FIG. 2 presents a block diagram showing the external system interface component in greater detail.
FIG. 3 presents a block diagram showing the data management component in greater detail.
FIG. 4 presents a block diagram showing the modelling and analysis component in greater detail.
FIG. 5 presents a block diagram showing the man-machine interface component in greater detail.
FIG. 6 presents a block diagram showing the system management component in greater detail.
FIG. 7 presents a block diagram which shows the processing flow of data and information within the system.
FIG. 8 presents a graphical presentation of collected data, a derived three-dimensional oceanographic model, and a derived tactical model as may be created by the system of the subject invention.
FIG. 9 represents a block diagram showing the parallel and cyclical nature of the data collection, modelling, and display performed by the system.
FIG. 10A presents a pictorial view of the various data collection methods and types of platforms that may benefit from the invention and FIG. 10B is an enlarged representation of a part of FIG. A.
(1) System Description
The invention may be realized in a number of physical embodiments. The following conceptual description and operational overview is generic in the sense that it is made without specifying particular hardware or software. Interfaces described are generic and do not represent a specific physical implementation. Referring now to FIG. 1 there is shown a block diagram of a system 20 of the present invention comprised of an external system interface 21 for receiving and sending data, a data management component 22, a modelling and analysis component (containing ocean and tactical models) 23, an advanced processor 24 (e.g., parallel) for accelerating numerical computations, man-machine interface 25 for device control and display, and a system manager component 26 which oversees various system operations.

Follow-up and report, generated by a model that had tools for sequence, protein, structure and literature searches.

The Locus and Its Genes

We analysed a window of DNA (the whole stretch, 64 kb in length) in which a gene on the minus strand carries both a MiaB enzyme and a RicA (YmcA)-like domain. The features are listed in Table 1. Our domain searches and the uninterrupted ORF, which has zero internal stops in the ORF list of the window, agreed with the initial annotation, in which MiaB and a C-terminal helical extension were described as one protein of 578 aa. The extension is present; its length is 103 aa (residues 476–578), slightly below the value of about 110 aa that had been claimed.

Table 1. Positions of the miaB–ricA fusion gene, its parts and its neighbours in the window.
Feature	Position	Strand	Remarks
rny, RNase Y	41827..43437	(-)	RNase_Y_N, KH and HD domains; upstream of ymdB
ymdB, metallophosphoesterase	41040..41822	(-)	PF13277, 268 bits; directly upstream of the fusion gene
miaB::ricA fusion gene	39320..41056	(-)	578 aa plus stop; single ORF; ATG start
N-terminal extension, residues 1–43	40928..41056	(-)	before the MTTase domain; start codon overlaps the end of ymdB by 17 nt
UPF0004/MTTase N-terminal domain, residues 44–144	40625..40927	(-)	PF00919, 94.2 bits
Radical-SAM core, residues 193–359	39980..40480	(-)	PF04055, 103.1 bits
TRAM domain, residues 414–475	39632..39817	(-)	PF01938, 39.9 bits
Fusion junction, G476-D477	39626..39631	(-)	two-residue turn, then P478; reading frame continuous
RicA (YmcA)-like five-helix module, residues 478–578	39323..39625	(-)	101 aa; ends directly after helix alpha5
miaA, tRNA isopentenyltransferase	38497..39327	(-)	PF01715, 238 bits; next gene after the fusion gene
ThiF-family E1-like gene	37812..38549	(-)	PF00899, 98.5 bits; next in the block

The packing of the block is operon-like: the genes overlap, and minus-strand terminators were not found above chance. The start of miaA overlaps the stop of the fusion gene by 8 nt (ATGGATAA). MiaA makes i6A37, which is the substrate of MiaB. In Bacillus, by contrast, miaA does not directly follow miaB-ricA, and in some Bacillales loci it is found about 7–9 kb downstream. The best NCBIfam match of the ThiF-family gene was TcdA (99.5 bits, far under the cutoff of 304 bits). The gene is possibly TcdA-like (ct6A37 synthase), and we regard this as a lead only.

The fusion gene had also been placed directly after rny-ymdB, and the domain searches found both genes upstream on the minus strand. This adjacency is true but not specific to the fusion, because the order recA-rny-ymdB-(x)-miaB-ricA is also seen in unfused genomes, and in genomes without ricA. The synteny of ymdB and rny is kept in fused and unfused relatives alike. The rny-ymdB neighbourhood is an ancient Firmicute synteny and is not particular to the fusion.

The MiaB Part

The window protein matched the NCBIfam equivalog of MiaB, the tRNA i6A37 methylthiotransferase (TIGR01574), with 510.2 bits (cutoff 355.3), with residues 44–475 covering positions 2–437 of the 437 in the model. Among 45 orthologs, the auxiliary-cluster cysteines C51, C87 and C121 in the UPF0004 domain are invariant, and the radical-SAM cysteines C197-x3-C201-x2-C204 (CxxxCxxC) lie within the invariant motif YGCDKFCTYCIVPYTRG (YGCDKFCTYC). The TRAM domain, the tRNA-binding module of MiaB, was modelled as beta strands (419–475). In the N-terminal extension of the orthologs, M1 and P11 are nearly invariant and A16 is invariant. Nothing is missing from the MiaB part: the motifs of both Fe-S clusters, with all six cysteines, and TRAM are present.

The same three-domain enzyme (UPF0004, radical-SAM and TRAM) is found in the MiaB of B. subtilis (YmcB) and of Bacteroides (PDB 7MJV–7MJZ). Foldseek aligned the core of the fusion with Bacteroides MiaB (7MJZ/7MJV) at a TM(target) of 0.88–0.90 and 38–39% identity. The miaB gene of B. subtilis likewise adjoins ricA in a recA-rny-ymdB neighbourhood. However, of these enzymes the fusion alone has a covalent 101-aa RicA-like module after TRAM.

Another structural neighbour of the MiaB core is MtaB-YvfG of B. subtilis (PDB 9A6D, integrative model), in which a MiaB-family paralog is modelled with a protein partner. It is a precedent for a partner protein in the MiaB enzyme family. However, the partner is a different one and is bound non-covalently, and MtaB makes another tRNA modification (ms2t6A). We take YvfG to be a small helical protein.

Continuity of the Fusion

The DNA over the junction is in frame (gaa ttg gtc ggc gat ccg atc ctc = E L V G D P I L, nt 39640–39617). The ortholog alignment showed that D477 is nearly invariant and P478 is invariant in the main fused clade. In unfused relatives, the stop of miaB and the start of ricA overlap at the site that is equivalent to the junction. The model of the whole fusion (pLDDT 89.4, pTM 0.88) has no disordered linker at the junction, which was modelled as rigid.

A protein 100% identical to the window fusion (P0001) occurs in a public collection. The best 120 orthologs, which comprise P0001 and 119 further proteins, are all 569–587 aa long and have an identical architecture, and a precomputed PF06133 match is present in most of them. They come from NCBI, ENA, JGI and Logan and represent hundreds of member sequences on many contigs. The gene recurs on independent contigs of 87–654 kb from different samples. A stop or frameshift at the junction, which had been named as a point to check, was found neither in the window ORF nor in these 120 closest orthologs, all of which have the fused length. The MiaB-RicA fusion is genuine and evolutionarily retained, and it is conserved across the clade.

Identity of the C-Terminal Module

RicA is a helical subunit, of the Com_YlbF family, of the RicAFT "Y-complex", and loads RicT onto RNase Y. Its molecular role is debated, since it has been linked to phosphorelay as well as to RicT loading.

External interface 21, shown in greater detail in FIG. 2, is managed by 22 using control interface 22a. It passes data to 22 via data interface 21a, and receives data to transmit to other systems via data interface 22b. External interface 21 may be thought of as a data acquisition and communications system comprised of: a link 41a and interface 41 to hull-mounted and towed environmental sensors; a two-way communications link 42a and interface 42 supporting data transfer and queries 42b to other platforms with similar systems; a two-way communications link 43a and interface 43 supporting data transfer and queries 43b to and from other types of tactical or oceanographic systems (e.g., an existing submarine combat control system); an input link 44a and interface 44 to other existing platform sensors (e.g., navigation system, fathometer); an input link 45a and interface 45 supporting data queries 45b of historical data bases held in other systems; a two-way communications link 46a and interface 46 supporting data transfer and queries 46b to off-platform synoptic oceanographic models (e.g., US Navy's Optimum Thermal Interpolation System (OTIS)); and an input link 47a, and interface 47 supporting data queries 47b to obtain off-platform remote sensor data (e.g., satellite imagery).